I think you’ve hit the nail on the head. That’s exactly what readers should come away thinking. That was never my intention, by the way. I’m a journalist so I take no sides; I just report the facts and allowed them to speak for themselves. That’s why I think, if anything, this book is pro-Eon. We must congratulate McClory for being the first person to identify that James Bond was a viable cinematic character, but thank god the film itself never got made with him in charge. Just think about it, had McClory made that first Bond film it would have been without Ken Adam, John Barry, Richard Maibaum, Ted Moore, Peter Hunt and Bob Simmons, incredibly talented people that all played a highly significant part in the eventual success of the Bond series. It was Broccoli and Saltzman who hired that talent in 1962, Sean Connery as well, of course. Had McClory made Thunderball back in ’59 or ’60, I think it would have flopped.
Your early chapters detail the extreme naiveté of both Bryce and McClory for believing they could conquer the film business with scant experience, and of Fleming for plagiarizing the work of McClory and Whittingham. Were you surprised that these otherwise intelligent men could make such colossal mistakes?
In one letter Fleming revealingly describes himself and Bryce as ‘amateurs’ in the Bond film making business, which of course they were. We have those lovely pictures of Fleming appearing on the sets of Dr. No, From Russia with Love and Goldfinger, but as a guest only. Here he was one of the main people behind the film, deeply involved in the script, on hand to be an advisor, and financially implicated, too. I think the project got too big for Fleming and Bryce and they were desperate for an American studio to come in and help them out.
As for Fleming plagiarising the work of McClory and Whittingham, I’m afraid that was plain arrogance. I don’t think he could be bothered to come up with another story for a Bond novel and so the easy option was to use the Thunderball script. He must have felt that being who he was, and with his background, this nobody called McClory from the bogs of Ireland would just shut up. Unfortunately for Fleming he’d chosen the last man on earth to lie down and just take it.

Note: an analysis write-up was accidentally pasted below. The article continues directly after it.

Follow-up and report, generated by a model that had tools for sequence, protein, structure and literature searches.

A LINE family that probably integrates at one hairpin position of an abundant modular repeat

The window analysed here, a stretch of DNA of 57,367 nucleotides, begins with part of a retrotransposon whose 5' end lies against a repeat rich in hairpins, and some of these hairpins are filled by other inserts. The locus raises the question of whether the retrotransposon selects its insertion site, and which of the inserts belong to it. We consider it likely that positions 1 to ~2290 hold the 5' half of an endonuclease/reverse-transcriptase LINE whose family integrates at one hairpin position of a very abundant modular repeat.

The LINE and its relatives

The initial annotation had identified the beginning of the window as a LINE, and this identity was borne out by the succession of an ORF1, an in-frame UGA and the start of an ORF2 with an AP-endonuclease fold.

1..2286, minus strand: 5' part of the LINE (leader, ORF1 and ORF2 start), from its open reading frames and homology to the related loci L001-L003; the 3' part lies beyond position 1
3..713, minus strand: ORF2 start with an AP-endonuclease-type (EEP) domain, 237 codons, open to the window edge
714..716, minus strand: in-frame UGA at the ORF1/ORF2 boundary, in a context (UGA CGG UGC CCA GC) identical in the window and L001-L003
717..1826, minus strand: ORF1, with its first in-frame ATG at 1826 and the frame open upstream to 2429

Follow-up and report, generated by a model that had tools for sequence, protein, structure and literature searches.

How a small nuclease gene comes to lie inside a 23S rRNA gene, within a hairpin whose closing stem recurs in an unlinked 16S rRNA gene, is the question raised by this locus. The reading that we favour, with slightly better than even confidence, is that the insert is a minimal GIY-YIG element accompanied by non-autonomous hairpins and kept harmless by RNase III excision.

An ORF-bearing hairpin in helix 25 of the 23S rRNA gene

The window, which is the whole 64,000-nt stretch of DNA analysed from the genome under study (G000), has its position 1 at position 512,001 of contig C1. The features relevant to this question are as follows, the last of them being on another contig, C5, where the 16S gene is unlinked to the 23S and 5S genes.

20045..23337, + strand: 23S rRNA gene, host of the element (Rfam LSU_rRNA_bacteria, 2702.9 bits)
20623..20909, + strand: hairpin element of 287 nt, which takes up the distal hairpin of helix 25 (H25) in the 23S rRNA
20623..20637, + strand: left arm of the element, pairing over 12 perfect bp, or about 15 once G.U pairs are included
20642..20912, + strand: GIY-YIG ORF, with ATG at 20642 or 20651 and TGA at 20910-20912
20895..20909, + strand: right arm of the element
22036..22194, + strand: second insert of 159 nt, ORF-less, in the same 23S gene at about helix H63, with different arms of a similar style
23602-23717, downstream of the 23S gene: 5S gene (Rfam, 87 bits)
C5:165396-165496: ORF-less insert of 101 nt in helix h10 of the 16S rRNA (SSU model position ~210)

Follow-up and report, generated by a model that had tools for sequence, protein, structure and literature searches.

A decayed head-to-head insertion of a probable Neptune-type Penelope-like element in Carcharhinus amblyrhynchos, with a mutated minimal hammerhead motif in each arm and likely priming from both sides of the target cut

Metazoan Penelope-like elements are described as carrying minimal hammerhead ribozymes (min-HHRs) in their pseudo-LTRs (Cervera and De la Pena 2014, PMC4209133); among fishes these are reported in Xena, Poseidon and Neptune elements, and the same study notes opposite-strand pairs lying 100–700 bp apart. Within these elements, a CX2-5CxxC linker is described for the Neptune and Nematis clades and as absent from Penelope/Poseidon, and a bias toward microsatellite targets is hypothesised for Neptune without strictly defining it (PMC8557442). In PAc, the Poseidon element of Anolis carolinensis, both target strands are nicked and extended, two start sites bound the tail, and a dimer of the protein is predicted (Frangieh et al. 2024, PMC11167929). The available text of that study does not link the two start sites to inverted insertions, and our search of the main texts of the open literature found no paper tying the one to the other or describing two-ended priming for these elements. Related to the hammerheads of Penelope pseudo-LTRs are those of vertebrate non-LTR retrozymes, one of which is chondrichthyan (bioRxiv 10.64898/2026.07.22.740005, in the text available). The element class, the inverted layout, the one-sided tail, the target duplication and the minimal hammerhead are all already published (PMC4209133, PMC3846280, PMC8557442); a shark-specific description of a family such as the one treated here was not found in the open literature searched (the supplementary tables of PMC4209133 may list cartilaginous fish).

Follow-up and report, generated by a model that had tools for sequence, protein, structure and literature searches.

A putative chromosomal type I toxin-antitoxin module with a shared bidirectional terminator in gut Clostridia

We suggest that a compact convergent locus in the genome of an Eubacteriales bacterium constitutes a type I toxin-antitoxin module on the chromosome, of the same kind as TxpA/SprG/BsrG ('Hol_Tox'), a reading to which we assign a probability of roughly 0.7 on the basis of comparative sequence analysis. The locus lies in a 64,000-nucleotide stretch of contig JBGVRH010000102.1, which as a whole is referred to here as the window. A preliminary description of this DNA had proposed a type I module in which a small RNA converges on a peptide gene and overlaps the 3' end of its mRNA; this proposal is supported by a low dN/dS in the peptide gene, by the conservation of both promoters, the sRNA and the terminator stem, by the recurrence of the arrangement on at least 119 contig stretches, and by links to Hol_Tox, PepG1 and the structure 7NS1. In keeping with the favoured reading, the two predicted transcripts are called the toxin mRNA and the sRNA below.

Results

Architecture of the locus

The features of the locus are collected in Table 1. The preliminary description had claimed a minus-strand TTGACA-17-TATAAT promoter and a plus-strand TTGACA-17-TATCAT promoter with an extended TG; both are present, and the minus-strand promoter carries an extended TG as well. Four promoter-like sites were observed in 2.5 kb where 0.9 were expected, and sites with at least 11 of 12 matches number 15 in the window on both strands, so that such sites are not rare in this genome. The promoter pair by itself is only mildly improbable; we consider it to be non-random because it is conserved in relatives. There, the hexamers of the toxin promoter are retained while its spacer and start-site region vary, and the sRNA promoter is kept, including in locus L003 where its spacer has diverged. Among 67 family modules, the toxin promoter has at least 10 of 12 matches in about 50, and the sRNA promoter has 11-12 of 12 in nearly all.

Claudine Auger, Luciana Paluzzi, or Mollie Peters—which is your dream Thunderball girl?
Not only my dream Thunderball girl, but I believe the most stunning Bond girl of all—Claudine Auger.
Since you love Thunderball so much, how do you feel about Never Say Never Again?
What I feel about Never Say Never Again is what most people feel about that film. It’s like Christmas, you wait so long for it to arrive, and when it does all you get is a pair of socks. I thought Octopussy beat it hands down and I’m afraid to say this but I believe the reason is because it was made by Hollywood. Most of the time Never Say Never Again feels like an extended episode of “Hart to Hart”. Just remember what Hollywood did to those other great British institutions The Saint and The Avengers, turned them into god damn awful movies.
I understand you have written the authorized biography of Bond stuntman and 2nd unit director Vic Armstrong. Can you tell us a little bit about that and when it is due for publication?
It’s been my absolute honour recently to help Vic with his official book. What’s been a big plus is that besides being a very knowledgeable guy, Vic is also extremely funny and the book is packed with hilarious stories from his 40-year-plus filmmaking odyssey, from Indiana Jones to Superman, Rambo to The Terminator, by way of James Bond, of course.
The book will feature many photographs from Vic’s personal collection and also includes exclusive contributions from those who have worked with Vic over the years including Harrison Ford, Steven Spielberg, George Lucas, Christopher Lee, Martin Scorsese, Kenneth Branagh and Lord Attenborough.
The book will be out sometime in 2008. I’ll keep you posted.
Thank you Robert for your answers, and we look forward to your forthcoming books.